A lot or a little?
The parents' guide to what's in this movie.
What parents need to know
Parents need to know that this movie has some strong language and a lot of action-style violence (no one hurt) and peril. There is some sexual humor, some crude jokes, and a joke about drinking. A strength of the movie is its portrayal of strong, loyal, and capable diverse characters, including minorities, women, and a gay character.
- Parents say
- Kids say
What's the story?
Gracie's notoriety from her exploits from the previous film has made it impossible for her to do undercover work and the romance has come unraveled. She is given the choice between a desk job and going on the road to do promotional work for the Bureau. While she does not want to become "FBI Barbie," she does not want to deal with the loneliness and insecurity of her old life, so she gets another makeover, goes on a book tour, and ends up demonstrating her famous SING method of self-defense (that's "solar plexus, instep, nose, and groin") on Regis, with the help of Sam Fuller, her hostile new associate (Regina King). When Gracie's friends from the beauty pageant (Heather Burns as Miss United States of America and William Shatner as pageant representative Stan Fields) get kidnapped, and Gracie and Sam have to outsmart not just the bad guys but also the local FBI by-the-books types to save the day.
Is it any good?
This sequel is an outlandish and silly but mildly entertaining farce. The original Miss Congeniality was a Cinderella story with Sandra Bullock as the ironically-named FBI agent Gracie Hart. The shy and dowdy girl who snorted when she laughed got a glamour makeover so that she could go undercover in a beauty competition. She unleashed her inner bombshell, bonded with her fellow beauty queens, and captured both the bad guys and the heart of a hunky fellow agent. But there's no such thing as happily ever after when there's sequel money to be made. In MISS CONGENIALITY 2: ARMED AND FABULOUS, Bullock chases and tackles someone she thinks is a Dolly Parton impersonator, dresses up like an old Jewish lady in a wheelchair, and does a lot of racing around in sequins and high heels. But the reversal of the usual makeover/romance theme adds, if not weight, at least a bit more interest.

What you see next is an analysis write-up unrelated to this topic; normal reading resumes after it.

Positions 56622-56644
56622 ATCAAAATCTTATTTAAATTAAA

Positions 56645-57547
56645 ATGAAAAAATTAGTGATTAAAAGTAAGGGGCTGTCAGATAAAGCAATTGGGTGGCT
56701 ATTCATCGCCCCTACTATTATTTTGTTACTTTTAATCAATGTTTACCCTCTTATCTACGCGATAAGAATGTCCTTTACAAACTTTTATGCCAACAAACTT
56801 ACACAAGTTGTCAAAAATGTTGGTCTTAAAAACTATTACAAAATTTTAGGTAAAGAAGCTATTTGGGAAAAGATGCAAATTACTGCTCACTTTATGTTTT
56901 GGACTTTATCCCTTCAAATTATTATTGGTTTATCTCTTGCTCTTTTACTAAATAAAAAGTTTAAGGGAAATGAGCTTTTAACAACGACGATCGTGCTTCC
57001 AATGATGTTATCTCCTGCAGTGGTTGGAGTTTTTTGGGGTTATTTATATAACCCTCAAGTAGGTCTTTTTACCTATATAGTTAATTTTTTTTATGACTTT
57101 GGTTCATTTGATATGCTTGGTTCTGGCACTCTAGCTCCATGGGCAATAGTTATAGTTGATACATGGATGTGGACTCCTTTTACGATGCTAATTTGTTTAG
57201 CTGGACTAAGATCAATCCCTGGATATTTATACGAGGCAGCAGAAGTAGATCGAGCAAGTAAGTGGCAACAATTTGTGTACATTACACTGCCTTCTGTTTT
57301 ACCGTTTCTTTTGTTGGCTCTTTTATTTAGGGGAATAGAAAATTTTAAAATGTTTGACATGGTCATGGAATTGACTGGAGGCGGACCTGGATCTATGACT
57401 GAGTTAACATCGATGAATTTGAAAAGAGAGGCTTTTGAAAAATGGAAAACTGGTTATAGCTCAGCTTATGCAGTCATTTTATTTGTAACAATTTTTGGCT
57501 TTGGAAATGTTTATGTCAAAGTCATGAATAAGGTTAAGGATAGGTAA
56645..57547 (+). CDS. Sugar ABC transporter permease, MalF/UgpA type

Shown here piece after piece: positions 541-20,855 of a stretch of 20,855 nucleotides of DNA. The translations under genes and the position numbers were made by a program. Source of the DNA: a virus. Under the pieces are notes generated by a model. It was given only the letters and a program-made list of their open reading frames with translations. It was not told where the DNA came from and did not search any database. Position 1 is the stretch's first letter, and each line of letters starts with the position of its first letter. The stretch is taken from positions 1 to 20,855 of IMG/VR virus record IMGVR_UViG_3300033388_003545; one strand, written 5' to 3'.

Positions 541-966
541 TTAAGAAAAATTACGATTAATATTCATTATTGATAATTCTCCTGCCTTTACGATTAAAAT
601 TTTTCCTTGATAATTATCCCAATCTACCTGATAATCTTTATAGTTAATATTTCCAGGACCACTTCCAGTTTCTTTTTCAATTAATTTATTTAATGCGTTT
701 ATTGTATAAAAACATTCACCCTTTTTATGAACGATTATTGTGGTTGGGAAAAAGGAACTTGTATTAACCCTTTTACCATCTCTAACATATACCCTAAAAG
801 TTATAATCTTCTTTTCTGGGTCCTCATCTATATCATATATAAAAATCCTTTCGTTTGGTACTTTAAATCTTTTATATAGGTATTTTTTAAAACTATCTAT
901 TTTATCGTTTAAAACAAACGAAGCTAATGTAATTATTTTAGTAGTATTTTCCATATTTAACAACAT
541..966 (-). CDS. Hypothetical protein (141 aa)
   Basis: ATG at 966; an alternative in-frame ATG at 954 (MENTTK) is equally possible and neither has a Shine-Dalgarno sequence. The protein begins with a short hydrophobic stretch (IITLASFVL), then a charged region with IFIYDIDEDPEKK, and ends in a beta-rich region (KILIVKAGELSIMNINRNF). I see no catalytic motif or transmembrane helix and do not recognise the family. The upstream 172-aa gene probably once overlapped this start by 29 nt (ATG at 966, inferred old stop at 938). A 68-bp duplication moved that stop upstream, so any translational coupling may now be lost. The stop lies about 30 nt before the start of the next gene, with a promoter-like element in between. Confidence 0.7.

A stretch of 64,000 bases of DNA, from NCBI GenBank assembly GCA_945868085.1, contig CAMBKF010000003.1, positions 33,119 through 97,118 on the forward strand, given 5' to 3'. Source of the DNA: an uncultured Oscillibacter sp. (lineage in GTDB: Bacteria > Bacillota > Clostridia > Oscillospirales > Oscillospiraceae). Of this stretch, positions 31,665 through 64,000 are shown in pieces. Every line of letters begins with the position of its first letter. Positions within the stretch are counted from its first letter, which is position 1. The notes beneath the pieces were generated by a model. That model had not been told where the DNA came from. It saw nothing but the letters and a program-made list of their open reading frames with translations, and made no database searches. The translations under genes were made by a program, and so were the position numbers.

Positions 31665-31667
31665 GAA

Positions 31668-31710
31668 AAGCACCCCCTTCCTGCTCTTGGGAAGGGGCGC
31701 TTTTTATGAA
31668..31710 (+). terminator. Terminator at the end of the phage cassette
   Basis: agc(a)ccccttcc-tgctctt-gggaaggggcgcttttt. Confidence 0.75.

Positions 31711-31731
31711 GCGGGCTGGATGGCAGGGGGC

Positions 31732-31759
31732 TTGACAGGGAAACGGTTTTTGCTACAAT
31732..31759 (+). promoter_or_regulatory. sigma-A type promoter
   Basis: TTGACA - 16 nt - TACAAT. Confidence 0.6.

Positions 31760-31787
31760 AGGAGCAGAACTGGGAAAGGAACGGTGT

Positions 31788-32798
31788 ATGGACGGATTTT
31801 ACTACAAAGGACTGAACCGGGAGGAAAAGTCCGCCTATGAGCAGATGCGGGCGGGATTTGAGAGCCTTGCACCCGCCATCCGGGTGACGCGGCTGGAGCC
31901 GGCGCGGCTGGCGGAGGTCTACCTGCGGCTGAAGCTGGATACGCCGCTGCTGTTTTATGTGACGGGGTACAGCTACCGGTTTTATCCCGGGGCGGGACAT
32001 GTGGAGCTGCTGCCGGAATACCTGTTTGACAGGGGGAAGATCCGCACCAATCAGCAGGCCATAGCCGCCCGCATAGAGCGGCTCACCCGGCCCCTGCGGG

As producer of the film, Bullock has tailored it around her talents, and her pleasure in the role makes it more fun to watch. The wonderful Regina King (Ray) is unfortunately relegated to scowls and punches for most of the movie but gets to shine in her own set of spangles near the end. Dietrich Bader (The Drew Carey Show, Napoleon Dynamite) and Eileen Brennan (Private Benjamin) provide some bright moments but the rest of the cast is cardboard-y and practically invisible.
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